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I gotta tell you, I am NOT used to having servants!!  It is so strange!!  But here in our new home, they are a fact of life, and - - they live to do their job.  And you better not get caught doing something for yourself!!  They clean the house and do all of the laundry and fold it - no clothes dryer here, so far - although I hear that one is coming - - the dining room chairs and the ballister rail upstairs are the clothes-line for drying!  Krishna is our housekeeper/caretaker and general handy-man.  He's the guy that keeps the generator firing on all cylinders and keeps the petrol tank full for when the power cuts out (which is of India's greatest infrastructure problems!).  He is just one of the sweetest people you will ever meet.  Generally smiling, he's one of the bright-spots of every day.  His wife, Jyothi, will eventually be our cook - just as soon as we figure out a "regular" time to try and eat dinner!!  Jyothi also carries Suzanne's briefcase, her purse and my Day-Planner to the car in the morning (if she's up and we're all going out!) The other day when Krishna and I made a MAJOR shopping addition to getting the makings for chicken biryani - we purchased new brooms and mops and sponges and cleaning supplies and plastic buckets - - all for Rs 7,047 (that's about $150.00 - a similar run to Von's or Pavilions would have easily been double that!!)  Krishna pushes the shopping-cart and takes any items we need off the shelves (All I need do is point!), picks the ripest and best quality mangoes.  I'm so used to doing all of the shopping for Amy and me...I slipped a few times and began to push the cart on my own!  You don't do that when you have a housekeeper!  Our security guard (or, "Watchman", as they call him here) is Sangamesh.  His English is not too good, but he seems like a good fellow.  The other night, when I took Beloved out for a 2:00 A.M. pee-run, Sangamesh was sleeping soundly on the patio in a plastic lawn chair.  I walked out the door, out the gate, down the street, Bee did "her business" and we walked back through the gate, across the patio and into the door.  All the while, Sangamesh is sawin' logs, baby!!  I had to laugh at the irony of the sleeping security guard!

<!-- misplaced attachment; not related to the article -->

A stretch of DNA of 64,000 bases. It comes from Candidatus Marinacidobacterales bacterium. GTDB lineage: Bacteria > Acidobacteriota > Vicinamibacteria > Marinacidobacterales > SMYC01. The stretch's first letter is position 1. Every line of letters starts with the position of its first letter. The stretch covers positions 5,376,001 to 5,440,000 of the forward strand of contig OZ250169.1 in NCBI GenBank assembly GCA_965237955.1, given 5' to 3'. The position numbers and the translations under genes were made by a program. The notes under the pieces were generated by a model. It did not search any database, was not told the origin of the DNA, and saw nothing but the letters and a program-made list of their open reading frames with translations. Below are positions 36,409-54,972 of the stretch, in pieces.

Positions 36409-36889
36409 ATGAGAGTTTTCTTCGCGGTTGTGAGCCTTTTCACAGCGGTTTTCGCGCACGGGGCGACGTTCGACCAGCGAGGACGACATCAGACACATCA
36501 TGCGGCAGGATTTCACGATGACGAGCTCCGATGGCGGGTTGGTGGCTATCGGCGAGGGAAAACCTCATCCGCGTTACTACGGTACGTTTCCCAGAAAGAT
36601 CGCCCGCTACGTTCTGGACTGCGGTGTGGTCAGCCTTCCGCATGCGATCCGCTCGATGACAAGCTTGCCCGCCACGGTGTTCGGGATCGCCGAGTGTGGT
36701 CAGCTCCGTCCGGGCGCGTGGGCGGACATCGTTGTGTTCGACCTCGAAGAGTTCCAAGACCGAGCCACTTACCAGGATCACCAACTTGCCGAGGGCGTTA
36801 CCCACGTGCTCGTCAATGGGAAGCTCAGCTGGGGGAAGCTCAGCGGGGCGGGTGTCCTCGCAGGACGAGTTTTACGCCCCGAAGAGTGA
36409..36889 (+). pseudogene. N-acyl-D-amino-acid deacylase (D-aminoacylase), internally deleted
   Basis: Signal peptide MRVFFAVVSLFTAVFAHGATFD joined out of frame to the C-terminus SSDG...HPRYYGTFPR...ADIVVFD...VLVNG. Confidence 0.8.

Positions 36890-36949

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One of the most awesomely competent, helpful and professional people we have met here in Hyderabad is Parminder Singh.  He runs a specialty Indian relocation service that Deloitte. uses to assist ex-pats - helping them find housing, get oriented and settled when they arrive in Hyderabad.  Evidently, Amy and I are decidedly "low maintenance".  We didn't need to find housing  - we actually signed the lease on our wonderful house a full month before we arrived, sight-unseen, and all over the Internet - - Parminder says that is "exceptional" - and far from the norm that he is used to seeing.  Paminder Singh (obvious from his name) is a Sikh. Because of his faith, he does not cut his hair, so he wears a turban.  I must say, Parminder doesn't just "wear" a turban.  Dude just flat-out rocks the turban look!!  When I first met him, he had come by the house to assist us with getting wireless high-speed Internet service and sattilite T.V.  That day he was wearing a blue shirt and a blue turban.  Yesterday, he sent his secretary and drive to the house to come pick me up, as I had some copies to make of some important documents.  Parminder and I and two other lovely gentlemen sat up in Parminder's office (no air-conditioning, but plenty of bottled water, the staple drink in all of India!) and just shot the bull for about an hour.  Parminder was wearing a pink shirt, and a pink turban.  A word that I would use to describe Parminder Singh: "Dapper"!

He asked me if I had had the chance to sample the local cuisine yet.  I told him that I had, and that I was loving it!  He asked where I had been.  Now, you have to know that many ex-pats arrive and seek out the Kentucky Fried Chicken place, the Hard Rock Cafe and TGI Fridays.  I figured that, heck, I could do THAT in I answered him:  "Yes, indeed...I had chicken biryani at Hyderabad House on Monday!"  "Oh, my God!" Parminder said - - "You really did hit the ground running. That's a real local Indian favorite!"

"Yeah," I said.  "And today for lunch, Naseer took me to "Chutney's" for lunch!" 

Again he said: "Oh, my God!!  You ate at "Chutney's"?  Most ex-pats never even hear of that place until they've been for a while - - and would never venture in as a first timer the first week!"

Well, whether or not I was brave, I gotta say - - the meal at Chutney's was one of the most flavorful and interesting taste sensations I have ever experienced!  Little stainless-steel bowls filled with the tastiest chutneys, curries, spices...who even knows what I was all so good.  Lots of rice, a spicy Szechwan vegetable dish, and the spiciest "egg roll" things made from all veggies!  They caused a bit of a sweat to appear on my brow, despite the good quality a/c inside!!  You see...Chutney's is 100% vegan!!  Who would have ever thought that Father Kingsbury would be eating vegetarian by the end of the first week!?!

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More musings to come - - I just got invited to an ex-pats Thursday Lunch Group over in Gachibowli (which I found out means "well water" or something close to it!)  I think I'll go make some new friends!  Namaste!